The racing chief was left fuming about an offer of a $10 million loan to industry to run the event for the next four years by Premier Mike Baird, who has yet to met with racing officials. It was an offer that had been originally turned down six months ago.

However Racing NSW's main aim is to have a funding model that would put it on equal footing with other states.

"We have been working with the Premier's department for more than 12 months on the [TAB] funding model and The Championships is only part of it," V'landys said. "We are looking at TAB distribution model, which would give us another $90 million that would be used for prizemoney increases around the states.

"The TAB distribution is inequitable when compared to other states and all we want to be in the same position as Victoria."

The State government takes $3.22 from every $100 wagered on the tote, which is more than double the $1.28 take by Victoria. V'landys said the future of racing in NSW was dependant on getting the TAB model changed and had delayed the release of Racing NSW's strategic plan for more then a year.

"The $10 million to run The Championships this year was just a downpayment on the $90 million we would get every year if we had the same funding model as Victoria," V'landys said.

"We can't plan for the future until this is cleared up, it is holding back racing at every level.

"We are working under a ridiculous funding model that worked in the 1960-70s but is outdated in 2014 with the new world wagering that includes corporate bookmakers.

"The NSW government takes out more than any other state now and we were negotiating a level playing field."

The TAB distribution is not growing in real terms and it is one of the major concerns for the racing industry. The racefields fees paid by all wagering operators, which V'landys led the fight on, has gone some way to filling the income gap for the sport.

Fairfax Media understands Premier Baird has not met with racing officials since he took over from Barry O'Farrell last month. He had not made contact with Racing NSW about the loan.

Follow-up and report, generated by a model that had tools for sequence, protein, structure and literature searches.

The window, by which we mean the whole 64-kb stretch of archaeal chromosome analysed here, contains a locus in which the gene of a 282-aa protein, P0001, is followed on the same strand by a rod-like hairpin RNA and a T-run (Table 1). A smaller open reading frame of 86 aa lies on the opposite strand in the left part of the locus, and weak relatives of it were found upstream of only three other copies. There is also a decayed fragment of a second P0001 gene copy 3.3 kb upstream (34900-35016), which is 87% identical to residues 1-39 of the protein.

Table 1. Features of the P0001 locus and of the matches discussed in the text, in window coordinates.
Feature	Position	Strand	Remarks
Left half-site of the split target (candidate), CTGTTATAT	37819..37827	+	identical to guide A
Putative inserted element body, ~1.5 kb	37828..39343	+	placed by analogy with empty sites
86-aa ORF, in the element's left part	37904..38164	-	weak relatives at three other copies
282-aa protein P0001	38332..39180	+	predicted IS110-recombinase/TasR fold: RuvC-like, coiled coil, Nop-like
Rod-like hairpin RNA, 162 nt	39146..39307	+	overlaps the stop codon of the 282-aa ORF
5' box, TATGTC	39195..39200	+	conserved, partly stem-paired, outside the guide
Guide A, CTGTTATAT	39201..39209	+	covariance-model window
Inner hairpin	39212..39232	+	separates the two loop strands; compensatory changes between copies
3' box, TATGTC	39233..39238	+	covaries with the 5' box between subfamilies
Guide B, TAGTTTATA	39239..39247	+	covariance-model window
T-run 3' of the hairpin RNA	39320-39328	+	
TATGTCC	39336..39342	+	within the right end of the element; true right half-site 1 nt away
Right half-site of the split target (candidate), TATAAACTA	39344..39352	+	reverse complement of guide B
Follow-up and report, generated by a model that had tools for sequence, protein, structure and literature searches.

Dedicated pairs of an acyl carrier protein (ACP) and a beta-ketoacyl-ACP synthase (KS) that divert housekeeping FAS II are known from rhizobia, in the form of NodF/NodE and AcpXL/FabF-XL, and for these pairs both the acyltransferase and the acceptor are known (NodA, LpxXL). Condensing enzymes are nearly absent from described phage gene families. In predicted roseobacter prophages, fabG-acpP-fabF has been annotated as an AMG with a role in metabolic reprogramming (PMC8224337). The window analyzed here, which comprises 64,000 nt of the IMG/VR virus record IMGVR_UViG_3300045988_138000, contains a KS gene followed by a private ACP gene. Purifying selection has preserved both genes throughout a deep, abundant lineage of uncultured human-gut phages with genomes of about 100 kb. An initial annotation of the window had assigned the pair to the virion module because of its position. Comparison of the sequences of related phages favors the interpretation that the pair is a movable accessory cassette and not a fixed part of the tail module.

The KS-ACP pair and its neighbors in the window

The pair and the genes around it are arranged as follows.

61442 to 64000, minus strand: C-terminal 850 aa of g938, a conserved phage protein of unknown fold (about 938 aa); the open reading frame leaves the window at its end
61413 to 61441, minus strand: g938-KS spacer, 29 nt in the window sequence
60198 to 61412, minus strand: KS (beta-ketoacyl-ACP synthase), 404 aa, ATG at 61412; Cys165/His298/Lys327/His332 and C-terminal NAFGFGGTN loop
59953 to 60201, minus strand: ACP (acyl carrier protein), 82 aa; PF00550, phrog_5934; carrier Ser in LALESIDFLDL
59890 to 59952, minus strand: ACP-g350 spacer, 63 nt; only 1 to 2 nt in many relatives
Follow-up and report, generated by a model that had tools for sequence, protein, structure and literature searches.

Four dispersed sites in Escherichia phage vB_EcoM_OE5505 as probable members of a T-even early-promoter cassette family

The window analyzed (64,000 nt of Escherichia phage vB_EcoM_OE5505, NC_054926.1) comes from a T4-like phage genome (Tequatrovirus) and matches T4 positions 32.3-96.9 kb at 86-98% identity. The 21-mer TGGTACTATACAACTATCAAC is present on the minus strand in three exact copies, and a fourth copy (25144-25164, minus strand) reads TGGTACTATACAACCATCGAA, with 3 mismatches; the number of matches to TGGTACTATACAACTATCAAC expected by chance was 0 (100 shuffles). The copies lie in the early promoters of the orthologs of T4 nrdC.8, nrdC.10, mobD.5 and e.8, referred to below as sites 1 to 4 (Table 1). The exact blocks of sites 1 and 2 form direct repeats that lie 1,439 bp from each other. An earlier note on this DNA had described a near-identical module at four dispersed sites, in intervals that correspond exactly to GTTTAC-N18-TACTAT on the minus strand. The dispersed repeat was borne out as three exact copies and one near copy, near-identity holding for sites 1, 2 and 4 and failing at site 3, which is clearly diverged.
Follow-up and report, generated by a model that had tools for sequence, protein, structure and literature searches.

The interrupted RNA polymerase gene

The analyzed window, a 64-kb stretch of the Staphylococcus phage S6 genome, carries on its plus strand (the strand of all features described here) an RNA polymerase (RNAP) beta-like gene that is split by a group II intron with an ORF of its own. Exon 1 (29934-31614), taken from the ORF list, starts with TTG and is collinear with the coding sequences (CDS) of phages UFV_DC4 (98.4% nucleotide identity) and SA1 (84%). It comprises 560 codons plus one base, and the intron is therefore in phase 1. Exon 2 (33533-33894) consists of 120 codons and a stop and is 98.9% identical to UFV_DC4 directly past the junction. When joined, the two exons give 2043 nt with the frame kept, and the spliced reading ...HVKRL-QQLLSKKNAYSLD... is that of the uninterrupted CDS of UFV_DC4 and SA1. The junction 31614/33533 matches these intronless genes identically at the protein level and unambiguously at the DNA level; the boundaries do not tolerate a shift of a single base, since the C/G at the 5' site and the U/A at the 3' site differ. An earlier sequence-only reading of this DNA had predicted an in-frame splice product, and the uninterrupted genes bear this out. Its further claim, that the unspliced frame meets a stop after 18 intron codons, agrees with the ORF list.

"This is something we rejected six months ago," V'landys said. "We had a good working relationship with the former premier but we won't be rolling over and taking a loan, which we will have to payback, therefore cutting our TAB distribution further.

"This Championships has shown it grows wagering, so under the loan plan the government doesn't only get it $10 million back, it shares in the profits of the event.

"How is that fair?"

Photos > Diaspora Vintage Portraits/ People

submitted by Kytherian Newsletter Sydney on 20.04.2014

Racing NSW CEO Peter Vlandys arrives at the Federal Court in Sydney for the race fields legislation decision.

Peter V'landys. Member of the Order of Australia (AM)

On Australia Day 2014, Peter V’landys was awarded a Member of the Order of Australia for services to racing.


To view / download a copy of this article as a .pdf, go to:

Peter V'landys.pdf

In the Australian honours system, appointments to the Order of Australia confer recognition for outstanding achievement and service. The Member of the Order of Australia is awarded for service in a particular locality or field of activity or to a particular group.

Recipients of the Order of Australia are from many fields of endeavour and all walks of life. The Order of Australia has four levels:
• Companion of the Order (AC)
• Officer of the Order (AO)
• Member of the Order (AM), and
• Medal of the Order (OAM)